Again, I share because I love. If it worked for me it can work for you! And it’s guaranteed to work or I will point at you and laugh really hard. Just kidding. But really not.
It’s foolproof; I promise! Only 27 simple steps!
1) Invite friends over for a Hanukkah party. Having been raised Jewish is useful but not necessary.
2) Peel a whole mess of potatoes.
3) Realize you haven’t used your Cuisinart since this time last year. Assemble it after some difficulty. Grate potatoes. Note that it’s possible to remove the lid while the wheel is still spinning, thus sending potato slivers all over the wall.
4) Squeeze the potato shreds between paper towels to remove excess liquid. Transfer potato shreds to large bowl, dropping generous amounts on the floor.
5) Start heating oil in large electric skillet procured from the Still Good Shed at the dump.
6) Chop one small onion, scattering liberally. Add to potato bowl.
7) Sprinkle flour and salt all over the counter, er, in the bowl.
8) Add a couple of beaten eggs. Drip some on the counter. Mix it all up. (Not the counter, the stuff in the bowl!)
9) Test oil temperature by flicking a few drops of water in. If the oil jumps out and burns the crap out of your arm, it’s ready!
10) Drop potato mixture by heaping spoonfuls into the hot oil.
11) Latkes will be ready to flip after about 5 minutes.
12) Unless it turns out that someone else’s definition of “still good” actually means “has a wonky, unreliable thermostat and heats unevenly.”
13) Finish cooking first batch of latkes approximately 500 hours later while your friend berates you for assuming that an appliance from the dump would actually work.
14) Heat conventional skillet on the stove.
15) Pour remaining oil from electric skillet into the conventional skillet. Remember, it’s hot, so be sure to slop a bunch of it all over the stove.
16) Cook all eight thousand remaining latkes in the time it took to cook the first four.
17) Light candles, say blessing, eat latkes until you feel physically ill.
18) Watch three small children smear latkes all over the table, their chairs, and eventually trail little greasy bits behind them all over the floor after they’re excused.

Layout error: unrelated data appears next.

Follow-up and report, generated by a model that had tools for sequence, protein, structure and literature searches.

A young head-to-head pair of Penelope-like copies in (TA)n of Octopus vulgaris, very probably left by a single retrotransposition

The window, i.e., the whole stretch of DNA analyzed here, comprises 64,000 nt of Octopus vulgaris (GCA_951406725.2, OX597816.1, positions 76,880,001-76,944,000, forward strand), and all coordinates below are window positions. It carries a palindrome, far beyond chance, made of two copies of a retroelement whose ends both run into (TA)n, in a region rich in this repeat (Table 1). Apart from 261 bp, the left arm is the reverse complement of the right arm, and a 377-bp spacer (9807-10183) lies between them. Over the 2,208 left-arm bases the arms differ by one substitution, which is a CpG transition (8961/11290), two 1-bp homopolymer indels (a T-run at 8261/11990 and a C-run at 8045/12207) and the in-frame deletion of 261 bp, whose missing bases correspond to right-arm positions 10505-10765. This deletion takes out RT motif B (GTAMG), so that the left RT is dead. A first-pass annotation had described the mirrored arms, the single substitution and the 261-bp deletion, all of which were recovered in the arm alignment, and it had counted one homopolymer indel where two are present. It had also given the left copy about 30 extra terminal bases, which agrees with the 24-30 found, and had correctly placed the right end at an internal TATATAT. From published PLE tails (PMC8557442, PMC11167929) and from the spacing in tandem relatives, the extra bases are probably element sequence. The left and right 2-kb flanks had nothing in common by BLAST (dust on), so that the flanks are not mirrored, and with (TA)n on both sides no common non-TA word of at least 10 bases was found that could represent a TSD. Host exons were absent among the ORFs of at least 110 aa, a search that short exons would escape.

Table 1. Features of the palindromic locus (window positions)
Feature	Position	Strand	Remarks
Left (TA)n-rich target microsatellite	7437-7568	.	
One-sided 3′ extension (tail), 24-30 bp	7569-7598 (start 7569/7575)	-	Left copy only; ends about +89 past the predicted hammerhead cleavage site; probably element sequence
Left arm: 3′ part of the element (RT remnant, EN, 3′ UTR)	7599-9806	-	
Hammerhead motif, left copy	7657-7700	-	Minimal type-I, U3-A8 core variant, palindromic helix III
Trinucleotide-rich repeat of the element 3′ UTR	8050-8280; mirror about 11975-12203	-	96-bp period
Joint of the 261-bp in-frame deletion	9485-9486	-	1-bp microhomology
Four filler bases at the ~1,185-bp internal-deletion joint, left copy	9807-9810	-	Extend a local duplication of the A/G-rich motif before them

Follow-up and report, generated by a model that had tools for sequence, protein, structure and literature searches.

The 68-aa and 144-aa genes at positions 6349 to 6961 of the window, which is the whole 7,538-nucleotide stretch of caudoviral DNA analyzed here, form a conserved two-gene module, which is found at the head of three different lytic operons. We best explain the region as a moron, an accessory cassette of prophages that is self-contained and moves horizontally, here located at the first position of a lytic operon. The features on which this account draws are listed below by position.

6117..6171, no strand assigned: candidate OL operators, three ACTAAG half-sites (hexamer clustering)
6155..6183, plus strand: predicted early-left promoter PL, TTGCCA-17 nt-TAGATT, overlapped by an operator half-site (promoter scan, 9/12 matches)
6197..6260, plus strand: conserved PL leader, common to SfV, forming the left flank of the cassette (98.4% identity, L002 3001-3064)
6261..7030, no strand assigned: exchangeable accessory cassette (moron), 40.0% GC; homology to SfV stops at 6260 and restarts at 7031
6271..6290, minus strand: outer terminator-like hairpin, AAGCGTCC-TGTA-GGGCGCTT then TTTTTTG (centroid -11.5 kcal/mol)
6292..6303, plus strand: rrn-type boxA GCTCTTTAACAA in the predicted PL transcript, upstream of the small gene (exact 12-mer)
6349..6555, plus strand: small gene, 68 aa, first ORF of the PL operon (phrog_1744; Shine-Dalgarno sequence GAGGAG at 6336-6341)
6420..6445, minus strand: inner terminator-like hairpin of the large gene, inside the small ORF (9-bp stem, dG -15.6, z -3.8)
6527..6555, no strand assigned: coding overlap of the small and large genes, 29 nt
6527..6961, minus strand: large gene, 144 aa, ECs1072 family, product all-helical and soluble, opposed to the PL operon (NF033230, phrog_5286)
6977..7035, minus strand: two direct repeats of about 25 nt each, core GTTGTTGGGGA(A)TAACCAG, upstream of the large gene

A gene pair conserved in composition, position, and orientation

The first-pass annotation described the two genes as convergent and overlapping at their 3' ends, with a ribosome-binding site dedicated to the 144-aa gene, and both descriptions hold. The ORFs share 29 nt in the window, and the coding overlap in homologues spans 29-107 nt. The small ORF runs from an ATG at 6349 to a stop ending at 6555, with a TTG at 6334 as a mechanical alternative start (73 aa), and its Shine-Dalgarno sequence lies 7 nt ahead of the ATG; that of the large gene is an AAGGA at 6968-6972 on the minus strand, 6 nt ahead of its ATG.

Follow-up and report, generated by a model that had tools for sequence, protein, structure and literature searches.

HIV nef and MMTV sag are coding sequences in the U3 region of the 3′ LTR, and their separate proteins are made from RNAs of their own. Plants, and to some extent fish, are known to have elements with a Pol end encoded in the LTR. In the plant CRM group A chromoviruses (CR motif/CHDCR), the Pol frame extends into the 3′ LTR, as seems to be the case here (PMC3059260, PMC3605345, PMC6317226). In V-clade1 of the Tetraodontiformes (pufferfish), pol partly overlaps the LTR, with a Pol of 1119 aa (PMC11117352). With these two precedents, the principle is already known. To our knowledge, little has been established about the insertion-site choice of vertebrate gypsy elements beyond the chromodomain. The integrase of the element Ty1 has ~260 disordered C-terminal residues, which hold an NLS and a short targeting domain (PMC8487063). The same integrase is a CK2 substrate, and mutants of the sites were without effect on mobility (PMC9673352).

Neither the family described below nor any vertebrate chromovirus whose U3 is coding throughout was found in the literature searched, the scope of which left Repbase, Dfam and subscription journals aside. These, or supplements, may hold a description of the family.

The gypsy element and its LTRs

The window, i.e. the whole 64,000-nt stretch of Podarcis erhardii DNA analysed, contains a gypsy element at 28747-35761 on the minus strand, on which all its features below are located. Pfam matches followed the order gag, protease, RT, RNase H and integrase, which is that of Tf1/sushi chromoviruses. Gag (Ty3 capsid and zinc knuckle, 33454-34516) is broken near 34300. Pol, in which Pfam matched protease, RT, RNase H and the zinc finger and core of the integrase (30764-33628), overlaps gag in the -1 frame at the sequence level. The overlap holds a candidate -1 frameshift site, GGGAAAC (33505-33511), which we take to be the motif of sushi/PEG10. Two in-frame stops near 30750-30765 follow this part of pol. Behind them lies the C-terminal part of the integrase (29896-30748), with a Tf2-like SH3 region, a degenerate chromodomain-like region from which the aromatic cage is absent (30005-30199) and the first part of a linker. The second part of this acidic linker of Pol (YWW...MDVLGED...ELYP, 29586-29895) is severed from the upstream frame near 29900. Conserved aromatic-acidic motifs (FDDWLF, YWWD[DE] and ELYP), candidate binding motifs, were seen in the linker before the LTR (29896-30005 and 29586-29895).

19) You’re full now, so only have three or four more latkes.
20) Seriously, put down your fork and back away from the table. Christ.
21) Exchange presents and play dreidel.
22) Bid friends farewell; shower children, put them to bed.
23) Come back downstairs and check email.
24) Wander into the kitchen for a glass of water because you can feel grease oozing out of your every pore.
25) Realize that every single inch of the kitchen is covered with splattered oil, potato starch, congealed applesauce, and/or little bits of potatoes and onions.
26) Start scrubbing, on the theory that perhaps you can burn off a fraction of the calories you just consumed. Also because you are afraid of what might happen if you leave this sort of mess to harden overnight.
27) Vow to have the Hanukkah party at your friend’s house, next year.
See how easy that was?
At first I was all jealous and wanted your electric skillet from the dump…then of course I realized I wasn’t jealous at all :)
I only wanted some latkes :)
Yes, I’ll have some latkes too.
I think you’ve earned some gelt.
Were you raised Jewish? I always wondered because of your first name, but that’s just me.
Michele’s ONE step to a sparkling kitchen.
Invite mother-in-law over and ask “can YOU show me how to clean the kitchen in the same wonderful way that you do.”
Please note: this tends not to work as well AFTER you divorce her son.
Clean up would have been easier if you had a dog or two around. Useful critters for slurping up kitchen splatters, dogs are, yes indeed.
I’m suddenly craving a latke although I’ve never once tasted one before.
Heh! So true.
Suzanne, you’ve never had a latke?? Come on ‘a my house, I’m making 8,000 or so myself tomorrow! (Seriously, I’d mail you some if they travelled well.)
Oops, wait, this is Mir’s blog… Mir, I think you have captured the quintissential Hanukkah Experience in one simple post. Astonishing.
Suzanne: good idea, but you forgot to mention that one of the dogs should be small enough that you can hold it up to lick the walls clean.
Oh, this was pretty damned close to my experience.
Only I didn’t quite get around to de-sludgifying the kitchen, and then had to make hanukkah cookies for decorating for a first grade class yesterday.
I am hiding out here instead of venturing into my kitchen. I am scared.
wouldn’t it be easier to hire a maid? for that matter a chef? i think that’s what i’ll do. but i do like that idea of inviting MIL over and asking her to show you how she does it. that’s brilliant. she can come before i pick my maid service.
Can I come next year?
Oh, and thank you so very much for the nomination.
I shall return.
(You’ve been warned.)
Thanks for the recipe im gonna try it. Come check me out i updated!
The only thing you forgot to mention is that your house will smell of latkes until about a week before NEXT Hanukah.
You never cease to amaze me. I’m sitting at my desk, tears running down my cheeks from laughing so hard and craving potato pancakes.
I hope your house still smells of latkes next week. Did you freeze any for our visit or am I going to ask you to repeat the performance so I can lick your walls clean?
OMG, I’m still laughing at #20. Was there more after that?
And Udge? You can come clean my kitchen anytime. Bring your dog (mine is definitely too big for the job)
YUMMY! Can I come next year???
If I could get an extravagent gift for all of my friends and family and fun blog friends, it would be 20 hours of cleaning from Molly Maid. You’d be included.
If I win the lottery and forget I said this, remind me.
My favorite line: 20) Seriously, put down your fork and back away from the table. Christ.
Get away from the latkes Jesus. :)